Published in the New York Times
Some months ago, I participated in a two-week experiment that involved using a smartphone app to track every morsel of food I ate, every beverage I drank and every medication I took, as well as how much I slept and exercised. I wore a sensor that monitored my blood-glucose levels, and I sent in a sample of my stool for an assessment of my gut microbiome. All of my data, amassed with similar input from more than a thousand other people, was analyzed by artificial intelligence to create a personalized diet algorithm. The point was to find out what kind of food I should be eating to live a longer and healthier life.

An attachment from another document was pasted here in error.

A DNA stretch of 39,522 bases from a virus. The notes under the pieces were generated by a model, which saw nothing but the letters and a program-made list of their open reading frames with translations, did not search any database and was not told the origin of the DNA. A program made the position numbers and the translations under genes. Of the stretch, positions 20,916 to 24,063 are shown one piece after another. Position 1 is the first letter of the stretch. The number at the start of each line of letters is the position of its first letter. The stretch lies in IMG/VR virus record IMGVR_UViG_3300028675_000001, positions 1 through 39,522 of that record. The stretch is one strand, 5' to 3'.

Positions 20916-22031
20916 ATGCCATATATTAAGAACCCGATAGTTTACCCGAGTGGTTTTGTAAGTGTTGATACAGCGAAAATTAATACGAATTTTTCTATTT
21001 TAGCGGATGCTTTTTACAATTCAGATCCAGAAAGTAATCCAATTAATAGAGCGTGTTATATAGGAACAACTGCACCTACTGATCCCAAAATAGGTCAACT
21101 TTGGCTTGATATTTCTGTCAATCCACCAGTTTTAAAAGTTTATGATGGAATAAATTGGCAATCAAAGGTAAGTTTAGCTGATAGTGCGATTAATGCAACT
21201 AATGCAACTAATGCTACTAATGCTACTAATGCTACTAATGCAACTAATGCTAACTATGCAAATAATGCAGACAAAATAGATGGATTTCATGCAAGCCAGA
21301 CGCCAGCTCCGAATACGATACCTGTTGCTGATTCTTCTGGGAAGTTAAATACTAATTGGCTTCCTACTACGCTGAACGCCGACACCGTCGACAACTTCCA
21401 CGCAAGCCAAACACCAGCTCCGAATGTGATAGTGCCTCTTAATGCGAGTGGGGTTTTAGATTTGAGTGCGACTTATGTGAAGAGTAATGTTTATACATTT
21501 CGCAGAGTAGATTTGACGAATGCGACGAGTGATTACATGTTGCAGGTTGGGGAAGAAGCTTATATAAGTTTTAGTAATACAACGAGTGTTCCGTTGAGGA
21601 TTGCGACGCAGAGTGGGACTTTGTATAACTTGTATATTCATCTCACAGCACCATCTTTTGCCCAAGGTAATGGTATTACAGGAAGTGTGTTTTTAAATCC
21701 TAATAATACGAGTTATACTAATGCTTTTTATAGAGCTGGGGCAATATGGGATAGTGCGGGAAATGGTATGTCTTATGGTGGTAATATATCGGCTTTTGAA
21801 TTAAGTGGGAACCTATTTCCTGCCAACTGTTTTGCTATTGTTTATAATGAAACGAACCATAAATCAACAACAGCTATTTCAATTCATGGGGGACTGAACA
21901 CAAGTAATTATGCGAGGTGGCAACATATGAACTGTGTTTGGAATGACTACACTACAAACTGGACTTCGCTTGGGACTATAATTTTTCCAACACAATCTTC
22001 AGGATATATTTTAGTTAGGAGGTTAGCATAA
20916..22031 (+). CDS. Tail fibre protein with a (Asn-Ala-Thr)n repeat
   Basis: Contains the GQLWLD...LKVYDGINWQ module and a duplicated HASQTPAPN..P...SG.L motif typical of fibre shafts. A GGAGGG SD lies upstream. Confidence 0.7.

The results? In the sweets category: Cheesecake was given an A grade, but whole-wheat fig bars were a C -. In fruits: Strawberries were an A+ for me, but grapefruit a C. In legumes: Mixed nuts were an A+, but veggie burgers a C. Needless to say, it didn’t match what I thought I knew about healthy eating.
Read full op-ed on the New York Times website.